If we avoid meat because we don’t want to cause violence, then doesn’t eating vegetables also involve violence?

by Chaitanya Charan dasJanuary 13, 2012

To hear the answer, please click here

Answer Summary:

1. As our very survival necessitates food which requires some amount of violence, we can’t avoid it entirely, so we should try to minimize it.

2. The pain depends on the development of nervous system.

3. To get an intuitive understanding of which is congenial compare the atmosphere in a farm during harvesting with the atmosphere in a slaughterhouse while animals are being killed.

 

Transcription by Bhaktin Shalini Ahluwalia

If we are vegetarian because we don’t want to kill animals – they are the children of God – then why do we kill plants to eat?

It is true that all of creation and all created beings whether humans, animals or plants, are the children of God and therefore the ideal situation would be to cause no violence. But since it is not a practical option for us w settle for the option where there is minimum violence. Of course you pointed out how when we pluck fruits which are ripened and which would anyway fall off, there is very little if not no pain involved. So those who are very austere sages who live in the forest they live practically not even on plucked fruits but only fallen fruits and fallen leaves so that don’t cause any violence at all. So the Vedic scriptures do talk about that as the highest standard for avoiding causing of all suffering to all living beings and for minimizing the karmic reactions that we may get. But for most people that standard is not practically possible. Now when we compare relatively speaking between plants and animals, first of all even from a scientific point of view the animals have a far more developed nervous system than do the plants. And depending on the development of the nervous system the organism/living being feels that much more or less pain. So that’s why we want to minimize the pain that we cause to other living beings so we avoid eating animals because they feel far, far more pain than the plants. Now certainly plants also do feel pain but for example when we harvest the crops that are fully grown – if they are not harvested they will rot and they will get wasted. If we compare the enlivening atmosphere at the time of harvest in the field with the gruesome atmosphere in the slaughter house when the animals are to be slaughtered with blood and flesh strewn and spewing all around and the animals screaming and writhing in pain, our own conscience and intelligence will indicate to us the huge gulf of difference. Most animals are not killed when they are about to grow old and die. Infact Srila Prabhupada – the founder Acharya of ISKCON – recommended that if people had to at all eat meat they could wait till the animals die and then they eat so that atleast the karma of killing the animals would be minimized. So now when we harvest the crop when they are at the right time for harvesting that is the time when nature indicates through the soothing atmosphere prevalent at the time of harvesting that it is the right thing to do. So ofcourse even when we harvest the crop there is pain that is why vegetarianism itself is not enough. We have to go beyond vegetarianism to offer food to God with the attitude of humble devotion then Lord Krishna promises in the Bhagavad Gita that he will take away all the sins.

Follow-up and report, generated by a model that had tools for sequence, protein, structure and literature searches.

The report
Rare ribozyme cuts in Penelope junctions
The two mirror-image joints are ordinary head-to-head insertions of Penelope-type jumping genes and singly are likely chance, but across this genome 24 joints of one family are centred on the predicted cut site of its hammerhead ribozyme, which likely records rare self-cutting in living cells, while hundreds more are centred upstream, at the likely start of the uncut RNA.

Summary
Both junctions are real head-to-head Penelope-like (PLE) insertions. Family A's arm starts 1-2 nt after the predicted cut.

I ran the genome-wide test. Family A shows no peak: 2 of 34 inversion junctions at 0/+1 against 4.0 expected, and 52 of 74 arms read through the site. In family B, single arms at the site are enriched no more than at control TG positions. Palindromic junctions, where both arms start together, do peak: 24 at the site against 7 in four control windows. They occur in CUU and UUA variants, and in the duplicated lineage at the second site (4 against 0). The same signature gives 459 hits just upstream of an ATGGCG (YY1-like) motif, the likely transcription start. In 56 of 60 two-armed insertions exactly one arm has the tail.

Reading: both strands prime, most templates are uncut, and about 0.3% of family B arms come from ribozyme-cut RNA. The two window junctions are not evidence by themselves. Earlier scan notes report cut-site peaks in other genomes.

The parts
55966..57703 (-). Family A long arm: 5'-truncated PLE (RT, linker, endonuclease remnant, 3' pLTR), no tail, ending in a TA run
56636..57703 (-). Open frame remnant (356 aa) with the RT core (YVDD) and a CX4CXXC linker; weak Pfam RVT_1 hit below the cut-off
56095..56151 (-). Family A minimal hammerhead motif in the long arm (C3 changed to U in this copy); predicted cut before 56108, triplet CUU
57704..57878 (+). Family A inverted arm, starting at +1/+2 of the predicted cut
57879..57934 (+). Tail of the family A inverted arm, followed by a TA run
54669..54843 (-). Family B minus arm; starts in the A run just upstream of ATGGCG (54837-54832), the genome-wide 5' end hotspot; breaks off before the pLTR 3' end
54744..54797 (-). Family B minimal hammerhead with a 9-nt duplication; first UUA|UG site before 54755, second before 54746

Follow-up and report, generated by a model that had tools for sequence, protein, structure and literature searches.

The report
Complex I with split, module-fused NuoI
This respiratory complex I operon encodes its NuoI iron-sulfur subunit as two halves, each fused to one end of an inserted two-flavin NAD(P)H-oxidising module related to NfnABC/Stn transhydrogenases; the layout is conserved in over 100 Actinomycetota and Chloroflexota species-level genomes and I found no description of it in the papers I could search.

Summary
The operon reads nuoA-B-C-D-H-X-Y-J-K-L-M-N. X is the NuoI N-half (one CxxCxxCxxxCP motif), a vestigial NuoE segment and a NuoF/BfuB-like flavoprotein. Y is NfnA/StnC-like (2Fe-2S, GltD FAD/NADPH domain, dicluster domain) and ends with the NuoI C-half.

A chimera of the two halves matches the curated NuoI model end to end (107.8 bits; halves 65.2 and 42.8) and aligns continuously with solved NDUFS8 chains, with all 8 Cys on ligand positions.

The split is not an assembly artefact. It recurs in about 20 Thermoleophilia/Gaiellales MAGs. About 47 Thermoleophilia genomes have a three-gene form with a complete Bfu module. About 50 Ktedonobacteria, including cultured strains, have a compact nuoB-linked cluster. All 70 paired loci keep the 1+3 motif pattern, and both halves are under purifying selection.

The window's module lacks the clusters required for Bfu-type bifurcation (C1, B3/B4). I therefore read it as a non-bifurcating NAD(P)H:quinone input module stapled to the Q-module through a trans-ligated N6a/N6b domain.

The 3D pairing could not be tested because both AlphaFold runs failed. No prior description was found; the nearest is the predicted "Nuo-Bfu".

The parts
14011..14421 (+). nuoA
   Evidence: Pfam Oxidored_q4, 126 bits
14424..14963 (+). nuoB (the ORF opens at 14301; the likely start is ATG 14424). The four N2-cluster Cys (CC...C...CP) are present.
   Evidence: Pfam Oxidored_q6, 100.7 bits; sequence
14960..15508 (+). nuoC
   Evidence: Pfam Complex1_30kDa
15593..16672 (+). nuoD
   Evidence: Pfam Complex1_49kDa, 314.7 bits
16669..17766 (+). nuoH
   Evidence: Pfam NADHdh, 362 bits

bhunjate te tv agham papa
ye pacanty atma-karanat
yajna-sistasinah santo
mucyante sarva-kilbisaih

He says those who offer the food to me and take they are free from all sins where as those who don’t offer the food suffer from all sinful reactions for every morsel of food they eat even if it be vegetarian food. So the best situation would be that we take vegetarian food produced by as less violence as possible and offered to the Lord with devotion so that it is not only vegetarian, it is not only karma-free but it is also pure and purifying. Now the verse in the Bhagavad Gita 9.26

patram puspam phalam toyam
yo me bhaktya prayacchati
tad aham bhakty-upahrtam
asnami prayatatmanah

is talking about the glory of the principle of devotion wherein if somebody offers the Lord with devotion then even the simplest of foods are ready to be accepted by the Lord with joy. So the emphasis in this verse is on the principle of devotion. The verse is not a comprehensive listing of all the foods that can be eaten or cannot be eaten. Still it is clear from this verse, there is no meat or animal food mentioned over here. So patram, pushpam, phalam, toyam refers to a vegetarian diet which can be sanctified by being offered to God then it becomes karma-free and pure.

Thank you!

About The Author
Chaitanya Charan das
4 Comments
  • k
    January 17, 2012 at 7:41 pm

    drinking milk is without violence!

  • Amit
    November 20, 2012 at 1:38 am

    Simple ,The food that we can offer to Supreme Lord can be eaten ..Food(meat or whatever) that can’t be offered to lord ,It is not acceptable at all ..Considered to be demonic food..we can serve fruits,leaf,milk,water ,vegetarian food to Lord ,So we can eat that as a prasadam

  • March 2, 2013 at 1:27 am

    Meat-eating is notoriously inefficient. No one can deny that the resources required for a meat-centered diet far outweigh the resources needed for a vegetarian diet. It takes over 17 pounds of grain to produce a single pound of beef. So even if a person wants to avoid killing plants, he would become a vegetarian, because far less plants are required to support his diet (rather than the large amount of plants that the cow would have consumed to supply his beef).

  • Rohan Tiwari
    July 17, 2013 at 12:23 am

    Very nice explanation.

Leave a Response

Please type the characters of this captcha image in the input box

Please type the characters of this captcha image in the input box

*